|The power of falling water.|
Hydropower currently accounts for about two-thirds of all renewable electricity generated in the U.S, with room for growth primarily by expansion of existing facilities at existing storage dams. Most hydropower projects fall under the jurisdiction of the Federal Energy Regulatory Commission, receiving either a license or an exemption pursuant to the Federal Power Act.
Before most existing projects may expand, they need to secure a license amendment from the FERC allowing changes to the project. Planned and upcoming project expansions will drive significant relicensing in the coming years.
The age of the nation's existing hydropower projects will also drive additional relicensing activity in the near term. Of roughly 2,000 existing hydropower licenses and exemptions issued by the FERC, nearly one-quarter will expire within the next 15 years. Since dams have relatively high construction and permitting costs and relatively long useful lives, since demand for renewable electricity remains relatively high, since most dams were built decades ago and since existing licenses typically run for 30 to 50 years, most of these existing dams will likely apply for new licenses before the terms of their existing licenses expire.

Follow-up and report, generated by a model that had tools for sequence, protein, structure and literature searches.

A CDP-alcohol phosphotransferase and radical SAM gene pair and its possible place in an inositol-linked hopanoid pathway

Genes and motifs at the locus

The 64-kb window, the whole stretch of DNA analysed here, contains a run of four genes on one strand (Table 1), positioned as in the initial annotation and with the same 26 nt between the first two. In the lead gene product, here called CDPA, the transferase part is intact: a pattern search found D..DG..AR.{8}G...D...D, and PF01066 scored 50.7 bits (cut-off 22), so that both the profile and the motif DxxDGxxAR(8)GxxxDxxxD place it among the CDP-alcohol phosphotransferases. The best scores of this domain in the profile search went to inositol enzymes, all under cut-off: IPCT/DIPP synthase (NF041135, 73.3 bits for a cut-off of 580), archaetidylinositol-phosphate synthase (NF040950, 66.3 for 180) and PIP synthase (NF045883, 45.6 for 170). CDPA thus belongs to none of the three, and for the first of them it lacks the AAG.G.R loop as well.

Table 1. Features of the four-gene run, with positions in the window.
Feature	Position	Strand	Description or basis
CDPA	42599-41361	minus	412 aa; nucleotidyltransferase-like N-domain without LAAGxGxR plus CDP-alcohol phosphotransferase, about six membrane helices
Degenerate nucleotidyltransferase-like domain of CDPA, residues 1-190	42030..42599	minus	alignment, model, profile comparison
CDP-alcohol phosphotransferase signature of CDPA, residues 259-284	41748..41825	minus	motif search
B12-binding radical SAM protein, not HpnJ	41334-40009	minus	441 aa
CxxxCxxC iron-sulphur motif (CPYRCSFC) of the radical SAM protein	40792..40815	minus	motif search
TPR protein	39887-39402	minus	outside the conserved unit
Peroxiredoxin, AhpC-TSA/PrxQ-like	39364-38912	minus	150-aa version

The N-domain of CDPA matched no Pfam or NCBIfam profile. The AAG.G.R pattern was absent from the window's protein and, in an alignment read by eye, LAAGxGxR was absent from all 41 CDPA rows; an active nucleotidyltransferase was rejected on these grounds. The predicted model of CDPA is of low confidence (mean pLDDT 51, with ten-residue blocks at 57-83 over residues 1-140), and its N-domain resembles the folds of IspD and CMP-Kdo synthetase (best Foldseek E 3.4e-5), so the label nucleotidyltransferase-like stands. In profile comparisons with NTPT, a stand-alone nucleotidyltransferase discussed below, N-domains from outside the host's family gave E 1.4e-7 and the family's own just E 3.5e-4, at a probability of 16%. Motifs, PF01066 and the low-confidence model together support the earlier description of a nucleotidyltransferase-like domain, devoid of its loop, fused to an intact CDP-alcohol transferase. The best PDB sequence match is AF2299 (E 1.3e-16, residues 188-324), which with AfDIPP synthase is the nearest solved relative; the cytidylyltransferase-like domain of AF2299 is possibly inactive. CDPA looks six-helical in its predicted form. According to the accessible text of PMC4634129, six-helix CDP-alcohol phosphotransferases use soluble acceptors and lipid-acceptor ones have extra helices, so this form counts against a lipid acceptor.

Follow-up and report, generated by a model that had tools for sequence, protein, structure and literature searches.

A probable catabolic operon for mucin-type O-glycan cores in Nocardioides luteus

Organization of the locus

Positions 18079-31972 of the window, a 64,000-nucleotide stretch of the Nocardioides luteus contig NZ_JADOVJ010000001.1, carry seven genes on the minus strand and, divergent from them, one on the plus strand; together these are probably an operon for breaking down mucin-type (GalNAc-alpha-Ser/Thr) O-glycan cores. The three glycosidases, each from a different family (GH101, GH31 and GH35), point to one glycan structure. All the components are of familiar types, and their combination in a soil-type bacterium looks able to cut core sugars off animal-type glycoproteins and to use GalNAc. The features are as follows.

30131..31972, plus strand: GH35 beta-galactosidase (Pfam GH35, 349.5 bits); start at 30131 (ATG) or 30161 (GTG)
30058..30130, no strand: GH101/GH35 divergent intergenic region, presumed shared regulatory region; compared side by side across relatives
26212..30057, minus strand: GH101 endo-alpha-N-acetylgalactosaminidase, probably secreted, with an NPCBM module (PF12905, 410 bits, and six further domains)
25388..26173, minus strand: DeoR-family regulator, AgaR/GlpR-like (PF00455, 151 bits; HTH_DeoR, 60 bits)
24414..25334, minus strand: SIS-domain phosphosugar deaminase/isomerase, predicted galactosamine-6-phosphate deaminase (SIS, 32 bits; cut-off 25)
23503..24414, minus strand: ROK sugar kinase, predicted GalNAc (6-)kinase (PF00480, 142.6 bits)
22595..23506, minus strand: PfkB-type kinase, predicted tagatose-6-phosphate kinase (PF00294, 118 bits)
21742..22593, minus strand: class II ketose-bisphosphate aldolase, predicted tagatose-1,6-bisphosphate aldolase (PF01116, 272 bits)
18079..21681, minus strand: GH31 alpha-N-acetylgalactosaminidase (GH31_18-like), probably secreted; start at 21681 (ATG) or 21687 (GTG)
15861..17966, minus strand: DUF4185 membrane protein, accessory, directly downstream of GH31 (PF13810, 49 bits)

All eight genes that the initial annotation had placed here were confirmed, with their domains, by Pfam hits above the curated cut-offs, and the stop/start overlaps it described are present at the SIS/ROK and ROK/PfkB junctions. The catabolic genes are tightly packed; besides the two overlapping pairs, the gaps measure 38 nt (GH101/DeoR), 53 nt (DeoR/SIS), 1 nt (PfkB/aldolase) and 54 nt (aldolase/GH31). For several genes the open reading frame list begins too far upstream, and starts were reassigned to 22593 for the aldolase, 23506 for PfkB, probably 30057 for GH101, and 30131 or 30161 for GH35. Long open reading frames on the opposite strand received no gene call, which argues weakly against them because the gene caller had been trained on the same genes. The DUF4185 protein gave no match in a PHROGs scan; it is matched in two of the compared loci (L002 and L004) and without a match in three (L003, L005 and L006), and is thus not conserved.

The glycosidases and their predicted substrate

For these reasons, expect to see significant re-licensing activity around hydropower projects in the next decade.
Following this week's conference, EUCI will host a workshop on financing new and existing small hydropower projects. A panel of presenters, including Jon Petrillo of Gravity Renewables, Dana Hall of the Low Impact Hydropower Institute, my colleague Peter Brown of Preti Flaherty, and me, will engage with attendees on the ever-important question of how to finance hydropower projects.
For more information about the event, contact me at 207-791-3000 or firstname.lastname@example.org.